Imagine if you could deliver a KPI dashboard so appealing and easy to navigate that your users will love it and actually use it.
Or even better:
What if you could follow some easy steps to achieve this… and repeat them for all your visualizations regardless of the dashboard software?
You’d probably be pumped to read about them.
Lucky for you, that’s exactly what I’m going to share with you in this post:
17 Insanely Actionable best practices for KPI dashboards that you can use to build your visualizations TODAY.
According to a study made by Sheffield University in the UK, people reject or don’t trust what they are looking based on the design instead of the content.
Click a section below to be taken right to one of the recommendations and dashboard examples.
Note: even though it is the most important piece and should be at the beginning, we will move the planning piece to the end of the list. We know many of you are just looking for visualizations tips but if you are not in a rush I would suggest to take a look at them just in case.
- Choose the right KPIs to display
- Spread your information by relevance
- Avoid clutter
- Make your dashboard interactive
- Make your dashboard actionable
- Provide narrative when possible
- Review if you need your legend and check options for locations
- Evaluate the impact of scaling and try using it
- Review if title is needed
- Eliminate an axis if possible
- Remove especial effects
- Use standard colors
- Review your text
- Choose the right visualizations for your information
- Planning: Know your audience
- Planning: Check how people will consume the information
- Evaluate your KPI dashboard and refine it
1. Choose the right KPIs to display
If you get really specific requirements, it is fairly easy to move forward. If you don’t have them, ask yourself one question.
What is the most important measure for this person/department/area? If this measure is consistently red this person or the responsible for the area might be in trouble.
Then evaluate which other KPIs or measures impact that one. Those drivers should probably be in your dashboards alongside the main one. If they go up or down the main one will change as well.
After that select the main categories that might affect those KPIs and include additional details (i.e. KPI by customer, by channel, etc).
That will give you the main content for your dashboard.
2. Spread your information by relevance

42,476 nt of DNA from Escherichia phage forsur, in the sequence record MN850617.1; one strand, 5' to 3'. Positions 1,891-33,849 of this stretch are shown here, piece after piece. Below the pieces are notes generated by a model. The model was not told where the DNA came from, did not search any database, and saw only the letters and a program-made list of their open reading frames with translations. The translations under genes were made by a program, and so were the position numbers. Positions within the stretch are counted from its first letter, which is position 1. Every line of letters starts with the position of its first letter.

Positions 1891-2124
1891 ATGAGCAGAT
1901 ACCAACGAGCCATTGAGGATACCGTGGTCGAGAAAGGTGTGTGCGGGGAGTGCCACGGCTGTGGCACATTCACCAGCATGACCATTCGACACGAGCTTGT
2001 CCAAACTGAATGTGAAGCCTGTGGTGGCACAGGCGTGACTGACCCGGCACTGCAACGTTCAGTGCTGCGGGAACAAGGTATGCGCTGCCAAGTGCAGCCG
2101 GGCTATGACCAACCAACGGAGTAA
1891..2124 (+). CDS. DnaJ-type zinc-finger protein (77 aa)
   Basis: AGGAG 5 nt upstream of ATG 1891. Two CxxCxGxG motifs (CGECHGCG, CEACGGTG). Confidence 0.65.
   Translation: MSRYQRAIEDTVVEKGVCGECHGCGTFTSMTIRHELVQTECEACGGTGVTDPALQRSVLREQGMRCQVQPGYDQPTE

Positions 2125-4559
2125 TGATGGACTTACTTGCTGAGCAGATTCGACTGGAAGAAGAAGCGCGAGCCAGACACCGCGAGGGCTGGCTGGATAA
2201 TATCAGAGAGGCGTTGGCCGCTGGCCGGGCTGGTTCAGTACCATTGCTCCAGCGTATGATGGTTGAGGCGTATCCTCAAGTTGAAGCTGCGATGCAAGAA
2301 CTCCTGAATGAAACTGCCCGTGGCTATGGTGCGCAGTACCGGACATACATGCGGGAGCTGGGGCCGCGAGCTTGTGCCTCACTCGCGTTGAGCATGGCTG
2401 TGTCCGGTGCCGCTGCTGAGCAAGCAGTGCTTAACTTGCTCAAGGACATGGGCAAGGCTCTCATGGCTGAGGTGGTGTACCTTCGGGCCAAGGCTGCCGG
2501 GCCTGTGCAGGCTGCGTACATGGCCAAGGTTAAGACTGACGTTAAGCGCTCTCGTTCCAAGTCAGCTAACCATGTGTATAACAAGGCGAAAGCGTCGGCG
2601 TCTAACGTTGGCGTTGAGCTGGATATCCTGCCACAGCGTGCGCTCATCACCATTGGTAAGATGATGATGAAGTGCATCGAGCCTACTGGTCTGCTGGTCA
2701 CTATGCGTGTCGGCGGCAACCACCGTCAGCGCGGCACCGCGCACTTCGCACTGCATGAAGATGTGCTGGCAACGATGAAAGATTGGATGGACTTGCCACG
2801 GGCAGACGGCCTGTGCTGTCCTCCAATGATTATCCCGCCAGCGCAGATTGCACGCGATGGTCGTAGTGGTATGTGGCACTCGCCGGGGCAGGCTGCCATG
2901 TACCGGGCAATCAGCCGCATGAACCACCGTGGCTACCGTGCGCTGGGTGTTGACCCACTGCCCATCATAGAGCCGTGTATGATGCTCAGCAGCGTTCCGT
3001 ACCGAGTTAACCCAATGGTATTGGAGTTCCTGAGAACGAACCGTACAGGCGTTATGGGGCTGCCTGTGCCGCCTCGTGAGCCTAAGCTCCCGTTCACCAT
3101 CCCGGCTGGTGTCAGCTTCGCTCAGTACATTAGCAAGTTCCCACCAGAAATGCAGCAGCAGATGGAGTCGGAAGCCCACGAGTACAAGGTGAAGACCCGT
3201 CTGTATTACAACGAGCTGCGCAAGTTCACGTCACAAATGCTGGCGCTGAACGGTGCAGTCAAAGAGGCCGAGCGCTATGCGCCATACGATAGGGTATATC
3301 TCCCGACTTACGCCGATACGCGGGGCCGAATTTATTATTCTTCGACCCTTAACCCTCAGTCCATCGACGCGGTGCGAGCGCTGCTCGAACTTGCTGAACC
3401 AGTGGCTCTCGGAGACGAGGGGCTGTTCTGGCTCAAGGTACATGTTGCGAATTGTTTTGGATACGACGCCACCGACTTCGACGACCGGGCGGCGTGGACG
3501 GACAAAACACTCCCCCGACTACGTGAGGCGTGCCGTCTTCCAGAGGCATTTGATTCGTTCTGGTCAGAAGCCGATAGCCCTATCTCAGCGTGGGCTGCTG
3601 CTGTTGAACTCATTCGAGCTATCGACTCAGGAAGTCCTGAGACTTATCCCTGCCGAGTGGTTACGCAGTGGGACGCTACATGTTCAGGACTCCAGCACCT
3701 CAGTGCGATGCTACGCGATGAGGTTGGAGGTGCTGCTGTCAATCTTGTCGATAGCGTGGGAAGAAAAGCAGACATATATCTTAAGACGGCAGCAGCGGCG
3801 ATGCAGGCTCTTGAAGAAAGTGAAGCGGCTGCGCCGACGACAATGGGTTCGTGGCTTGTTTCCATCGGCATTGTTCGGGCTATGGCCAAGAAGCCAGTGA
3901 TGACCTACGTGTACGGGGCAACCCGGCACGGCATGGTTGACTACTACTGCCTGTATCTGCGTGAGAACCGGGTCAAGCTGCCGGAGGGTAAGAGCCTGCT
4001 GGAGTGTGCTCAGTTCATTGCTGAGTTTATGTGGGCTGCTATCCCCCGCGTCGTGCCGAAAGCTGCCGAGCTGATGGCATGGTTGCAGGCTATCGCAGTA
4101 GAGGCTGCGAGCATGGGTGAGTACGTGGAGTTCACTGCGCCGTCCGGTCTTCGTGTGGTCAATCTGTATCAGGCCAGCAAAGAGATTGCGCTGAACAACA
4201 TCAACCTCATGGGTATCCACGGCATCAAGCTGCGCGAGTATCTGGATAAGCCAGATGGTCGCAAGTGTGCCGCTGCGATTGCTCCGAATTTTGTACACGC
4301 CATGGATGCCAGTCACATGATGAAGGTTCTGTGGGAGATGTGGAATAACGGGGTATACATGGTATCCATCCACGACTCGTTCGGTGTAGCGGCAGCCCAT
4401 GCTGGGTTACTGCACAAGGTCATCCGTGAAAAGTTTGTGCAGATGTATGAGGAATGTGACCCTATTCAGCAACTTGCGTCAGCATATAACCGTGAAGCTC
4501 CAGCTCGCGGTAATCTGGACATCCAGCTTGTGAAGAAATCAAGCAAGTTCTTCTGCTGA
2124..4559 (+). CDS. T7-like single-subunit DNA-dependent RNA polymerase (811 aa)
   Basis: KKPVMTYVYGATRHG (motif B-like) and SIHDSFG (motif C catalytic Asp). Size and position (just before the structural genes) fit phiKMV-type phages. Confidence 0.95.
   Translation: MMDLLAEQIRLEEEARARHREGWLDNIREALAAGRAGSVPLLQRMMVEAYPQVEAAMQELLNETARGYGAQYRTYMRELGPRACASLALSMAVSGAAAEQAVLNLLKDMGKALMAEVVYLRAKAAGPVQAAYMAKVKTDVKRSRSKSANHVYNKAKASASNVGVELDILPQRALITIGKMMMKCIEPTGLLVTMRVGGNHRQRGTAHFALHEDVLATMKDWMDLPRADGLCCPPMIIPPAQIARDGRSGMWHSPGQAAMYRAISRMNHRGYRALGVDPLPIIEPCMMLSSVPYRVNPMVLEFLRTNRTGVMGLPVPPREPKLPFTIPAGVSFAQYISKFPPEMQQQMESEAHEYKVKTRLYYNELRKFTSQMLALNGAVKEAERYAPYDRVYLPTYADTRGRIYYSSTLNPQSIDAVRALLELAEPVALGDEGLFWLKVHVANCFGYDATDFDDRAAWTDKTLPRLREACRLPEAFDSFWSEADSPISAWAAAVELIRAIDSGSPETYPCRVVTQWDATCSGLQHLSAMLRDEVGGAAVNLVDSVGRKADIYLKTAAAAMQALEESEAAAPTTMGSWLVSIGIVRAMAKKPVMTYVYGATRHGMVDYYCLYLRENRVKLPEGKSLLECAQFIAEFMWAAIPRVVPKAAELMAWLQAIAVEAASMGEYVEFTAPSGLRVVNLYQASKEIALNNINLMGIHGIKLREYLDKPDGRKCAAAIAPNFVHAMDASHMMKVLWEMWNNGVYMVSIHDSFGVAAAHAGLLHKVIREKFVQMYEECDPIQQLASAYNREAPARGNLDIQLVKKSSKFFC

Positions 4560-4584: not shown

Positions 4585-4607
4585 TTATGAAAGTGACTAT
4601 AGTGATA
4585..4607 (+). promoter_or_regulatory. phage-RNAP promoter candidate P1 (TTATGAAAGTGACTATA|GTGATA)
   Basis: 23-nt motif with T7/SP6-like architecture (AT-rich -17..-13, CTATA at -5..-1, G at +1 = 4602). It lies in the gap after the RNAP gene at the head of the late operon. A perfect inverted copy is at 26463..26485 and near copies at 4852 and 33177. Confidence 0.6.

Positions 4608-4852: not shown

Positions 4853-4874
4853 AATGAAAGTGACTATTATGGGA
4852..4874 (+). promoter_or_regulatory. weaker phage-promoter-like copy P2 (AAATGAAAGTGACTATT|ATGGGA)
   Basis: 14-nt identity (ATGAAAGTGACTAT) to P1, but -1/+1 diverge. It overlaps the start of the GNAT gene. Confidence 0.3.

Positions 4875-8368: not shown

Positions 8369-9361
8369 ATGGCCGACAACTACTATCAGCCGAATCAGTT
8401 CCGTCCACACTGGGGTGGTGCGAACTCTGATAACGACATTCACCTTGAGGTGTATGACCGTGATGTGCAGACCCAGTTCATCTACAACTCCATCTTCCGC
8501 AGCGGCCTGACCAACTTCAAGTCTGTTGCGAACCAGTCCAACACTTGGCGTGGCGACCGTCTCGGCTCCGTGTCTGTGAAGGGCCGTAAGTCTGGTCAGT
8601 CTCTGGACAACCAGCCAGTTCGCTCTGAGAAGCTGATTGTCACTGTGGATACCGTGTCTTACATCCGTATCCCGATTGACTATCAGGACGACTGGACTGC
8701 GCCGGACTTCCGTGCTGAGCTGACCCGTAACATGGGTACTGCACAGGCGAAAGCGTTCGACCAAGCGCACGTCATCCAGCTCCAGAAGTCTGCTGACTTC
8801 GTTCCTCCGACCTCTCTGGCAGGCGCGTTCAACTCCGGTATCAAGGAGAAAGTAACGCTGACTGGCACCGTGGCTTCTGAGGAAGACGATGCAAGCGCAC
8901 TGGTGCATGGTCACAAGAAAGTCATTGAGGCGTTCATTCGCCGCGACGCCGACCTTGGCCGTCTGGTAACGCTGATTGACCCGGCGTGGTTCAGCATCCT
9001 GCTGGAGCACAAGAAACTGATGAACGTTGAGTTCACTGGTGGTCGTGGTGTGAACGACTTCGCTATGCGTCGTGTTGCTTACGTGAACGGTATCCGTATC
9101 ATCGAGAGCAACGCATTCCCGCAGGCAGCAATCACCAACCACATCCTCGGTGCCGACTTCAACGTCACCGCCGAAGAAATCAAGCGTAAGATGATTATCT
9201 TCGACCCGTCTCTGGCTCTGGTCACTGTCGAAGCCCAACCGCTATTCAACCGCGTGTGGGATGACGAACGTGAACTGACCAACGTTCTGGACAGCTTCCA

You might have heard about Fitts’s law or at least you have heard that people typically consume the information on a screen following a specific pattern.
There are a couple of suggestions (F-shaped, Z-shaped) but what’s important is that the placement and design of each element on the screen is key.
Imagine if you are driving your car how many seconds you need to take to see if your tank has gas or not. That’s the time you users should spend to get that main piece of information.
Make sure your users will get the main piece of information within the first 3 seconds. This is why the KPIs are so important for your dashboards. Make sure you have the main number right there with its performance result.
The second piece should be consumed in the next six seconds and the rest will depend on what the user thought of that.
If you need additional ideas check the Value Based Design post by Birst.
3. Avoid Clutter
We know it would be ideal to answer all of our users’ questions with just one screen, but that’s probably not possible, so don’t try it.
If you try to add everything to a single dashboard your user will stop using it at some point and go to specific sources for specific questions.
Let’s try to build something that is “usable” to start.
The recommendation here is to start by showcasing the main KPI for your audience at the top left and then add the driver type of KPIs going either to the right or below the main one so the users know at a glance how they are doing.
After that you can start using more dimensionality. Break down your KPIs to “Level 1” by adding some dimensions (i.e. by customer, by channel, by region, etc.).
If you need to provide additional breakdowns or complementary information and that results into splitting the visuals into more than one dashboard it won’t be the end of the world.
If you feel that you can make it happen but you are struggling, in the next sections we’ll make some changes to give you some more real state.
4. Make your dashboard interactive
Even if you can’t fit all into one screen, you can still give the users the ability to explore the information without leaving the dashboard.